The main church in Florence, known as the Duomo (Dome) is the Basilica di Santa Maria del Fiore. Although construction began in 1296 it was only completed in 1436 by Pope Eugene IV. The cathedral was designed in a Gothic style by Arnolfo di Cambio and is decorated on the outside with marble panels of green and pink, bordered by white. This ornamentation was not in fact completed until 1887.

The Duomo towers over the city of Florence and is one of its iconic images and most visited sights. Until modern times it was the largest dome in the world and remains the largest brick dome ever built. The cathedral, baptistery and Campanile (bell tower) are listed as a UNESCO World Heritage Site.

Page 114. " the Croydon Holiday Inn "

A Holiday Inn sign used by roadsides in America in the 50s and 60s
Creative Commons Attribution Share AlikeA Holiday Inn sign used by roadsides in America in the 50s and 60s - Credit: JMG717
 Holiday Inn is a brand of economy hotels which was founded in Tennessee in 1952. Its founder, Charles Kemmons Wilson, was disappointed by the poor standard of American roadside motels and vowed to do something about the problem. It is now one of the world’s largest hotel chains with over 1,300 properties worldwide. It is part of the InterContinental Hotel Group.

Croydon is a town and borough in South London which is one of the largest shopping districts in southern England, due in part to its location – many road and rail links to London from the south pass through Croydon.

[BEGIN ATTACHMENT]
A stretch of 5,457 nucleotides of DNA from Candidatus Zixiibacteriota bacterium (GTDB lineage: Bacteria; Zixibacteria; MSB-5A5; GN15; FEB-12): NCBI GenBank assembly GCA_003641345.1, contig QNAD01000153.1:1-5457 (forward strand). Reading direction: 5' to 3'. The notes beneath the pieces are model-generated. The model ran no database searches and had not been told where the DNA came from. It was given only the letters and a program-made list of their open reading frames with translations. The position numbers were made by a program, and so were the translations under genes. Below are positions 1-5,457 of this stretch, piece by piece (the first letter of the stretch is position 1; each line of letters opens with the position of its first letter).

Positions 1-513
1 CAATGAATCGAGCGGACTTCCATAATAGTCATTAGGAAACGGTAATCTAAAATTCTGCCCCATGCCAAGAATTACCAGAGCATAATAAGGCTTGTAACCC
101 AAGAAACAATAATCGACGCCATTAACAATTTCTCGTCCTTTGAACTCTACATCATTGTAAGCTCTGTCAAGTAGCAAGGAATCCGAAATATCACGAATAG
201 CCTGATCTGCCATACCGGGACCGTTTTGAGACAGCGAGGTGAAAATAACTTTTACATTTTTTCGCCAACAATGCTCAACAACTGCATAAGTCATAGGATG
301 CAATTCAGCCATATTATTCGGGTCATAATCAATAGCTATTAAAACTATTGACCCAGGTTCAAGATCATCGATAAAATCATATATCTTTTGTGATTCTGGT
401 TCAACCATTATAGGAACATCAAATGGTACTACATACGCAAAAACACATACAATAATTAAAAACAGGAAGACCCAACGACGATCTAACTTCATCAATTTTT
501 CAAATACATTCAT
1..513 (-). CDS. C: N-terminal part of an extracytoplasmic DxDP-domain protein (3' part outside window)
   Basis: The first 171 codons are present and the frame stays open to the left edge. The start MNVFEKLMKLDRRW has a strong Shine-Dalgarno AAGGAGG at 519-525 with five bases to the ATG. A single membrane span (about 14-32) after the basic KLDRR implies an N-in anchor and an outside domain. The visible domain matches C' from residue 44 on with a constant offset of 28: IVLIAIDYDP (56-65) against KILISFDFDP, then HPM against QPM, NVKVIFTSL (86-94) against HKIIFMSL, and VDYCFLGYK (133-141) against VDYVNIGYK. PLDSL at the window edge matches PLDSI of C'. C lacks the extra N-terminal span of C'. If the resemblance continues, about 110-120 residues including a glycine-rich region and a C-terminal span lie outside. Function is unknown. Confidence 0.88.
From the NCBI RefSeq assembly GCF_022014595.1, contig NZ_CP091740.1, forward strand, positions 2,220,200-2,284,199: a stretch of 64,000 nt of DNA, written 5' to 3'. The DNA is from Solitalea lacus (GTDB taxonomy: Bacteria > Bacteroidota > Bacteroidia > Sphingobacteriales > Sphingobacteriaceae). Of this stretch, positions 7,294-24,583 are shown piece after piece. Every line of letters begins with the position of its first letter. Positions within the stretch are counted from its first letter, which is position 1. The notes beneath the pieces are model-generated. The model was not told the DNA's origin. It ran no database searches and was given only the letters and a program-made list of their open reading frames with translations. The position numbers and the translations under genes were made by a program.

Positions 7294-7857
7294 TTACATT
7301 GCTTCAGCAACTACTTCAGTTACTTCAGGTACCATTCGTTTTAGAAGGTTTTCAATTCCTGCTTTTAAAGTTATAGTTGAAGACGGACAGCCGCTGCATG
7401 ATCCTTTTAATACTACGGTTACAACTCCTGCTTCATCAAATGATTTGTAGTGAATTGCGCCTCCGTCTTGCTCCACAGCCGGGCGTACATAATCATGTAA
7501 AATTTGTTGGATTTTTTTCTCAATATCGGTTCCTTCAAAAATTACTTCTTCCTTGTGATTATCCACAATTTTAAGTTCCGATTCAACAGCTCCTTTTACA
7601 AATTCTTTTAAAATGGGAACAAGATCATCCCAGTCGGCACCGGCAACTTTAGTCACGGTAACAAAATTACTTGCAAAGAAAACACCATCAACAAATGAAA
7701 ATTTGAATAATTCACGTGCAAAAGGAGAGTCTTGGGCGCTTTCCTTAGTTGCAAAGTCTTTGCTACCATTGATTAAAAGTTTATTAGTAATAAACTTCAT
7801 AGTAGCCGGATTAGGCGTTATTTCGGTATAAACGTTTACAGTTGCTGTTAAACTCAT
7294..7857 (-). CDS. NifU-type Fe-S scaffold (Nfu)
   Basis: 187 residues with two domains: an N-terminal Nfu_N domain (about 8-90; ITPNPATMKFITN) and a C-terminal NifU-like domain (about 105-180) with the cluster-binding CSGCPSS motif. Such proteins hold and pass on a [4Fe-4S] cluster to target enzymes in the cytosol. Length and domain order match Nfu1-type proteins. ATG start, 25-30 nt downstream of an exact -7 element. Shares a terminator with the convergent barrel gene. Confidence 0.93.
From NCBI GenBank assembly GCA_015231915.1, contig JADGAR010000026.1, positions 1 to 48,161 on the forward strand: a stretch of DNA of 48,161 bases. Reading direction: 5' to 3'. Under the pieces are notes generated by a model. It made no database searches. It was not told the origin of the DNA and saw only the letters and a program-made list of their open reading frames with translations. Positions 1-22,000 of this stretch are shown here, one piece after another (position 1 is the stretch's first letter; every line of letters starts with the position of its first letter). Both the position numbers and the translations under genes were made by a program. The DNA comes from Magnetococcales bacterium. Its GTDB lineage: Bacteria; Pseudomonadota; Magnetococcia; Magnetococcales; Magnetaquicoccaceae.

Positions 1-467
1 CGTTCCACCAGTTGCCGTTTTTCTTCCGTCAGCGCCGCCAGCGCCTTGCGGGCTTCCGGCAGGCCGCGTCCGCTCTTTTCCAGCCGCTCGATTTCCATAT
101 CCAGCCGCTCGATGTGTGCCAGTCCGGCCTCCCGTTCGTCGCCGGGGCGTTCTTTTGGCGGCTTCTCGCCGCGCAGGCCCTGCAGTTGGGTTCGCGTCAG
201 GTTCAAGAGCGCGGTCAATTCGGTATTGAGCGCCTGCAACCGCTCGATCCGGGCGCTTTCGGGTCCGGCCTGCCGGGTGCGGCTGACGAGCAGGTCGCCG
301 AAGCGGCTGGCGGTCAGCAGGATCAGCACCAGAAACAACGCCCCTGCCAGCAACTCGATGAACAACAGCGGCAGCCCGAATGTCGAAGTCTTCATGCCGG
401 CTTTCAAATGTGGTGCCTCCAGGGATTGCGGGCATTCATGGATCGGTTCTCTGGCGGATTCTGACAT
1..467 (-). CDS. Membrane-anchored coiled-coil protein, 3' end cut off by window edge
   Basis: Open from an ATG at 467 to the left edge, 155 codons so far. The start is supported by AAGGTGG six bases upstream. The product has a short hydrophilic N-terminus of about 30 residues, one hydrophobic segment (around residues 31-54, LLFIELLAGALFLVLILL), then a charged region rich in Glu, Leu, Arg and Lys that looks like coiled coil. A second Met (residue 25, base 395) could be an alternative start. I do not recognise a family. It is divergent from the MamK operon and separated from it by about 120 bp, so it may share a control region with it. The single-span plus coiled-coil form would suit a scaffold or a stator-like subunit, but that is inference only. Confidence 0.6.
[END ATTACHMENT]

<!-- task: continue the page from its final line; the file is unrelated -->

Page 114. " the Church of San Marco "

The Neo-Classical facade of the Church of San Marco
Creative Commons Attribution Share AlikeThe Neo-Classical facade of the Church of San Marco - Credit: Joanbanjo
The Church of San Marco in central Florence was founded by Silvestrine monks and consecrated in 1443 by Pope Eugene IV. It contains notable artworks such as a 14th century crucifix and a Madonna with Saints by Fra Bartolommeo.

There is also a convent attached to the church, which is now a museum, home to a library of Latin and Greek manuscripts collected by the artist and sculptor Michelozzo. The convent was home to the famous painter Fra Angelico in the 15th century.

Page 115. " a list, in Harrods, I think "

Harrods on Brompton Road
Public DomainHarrods on Brompton Road - Credit: Sokkk y
Harrods is the most famous department store in London, situated on Brompton Road in Knightsbridge. The business was founded in 1824 by Charles Henry Harrod as a drapers and haberdashery and was expanded by his son to sell other merchandise. In 1898 Harrods showcased Britain’s first moving escalator.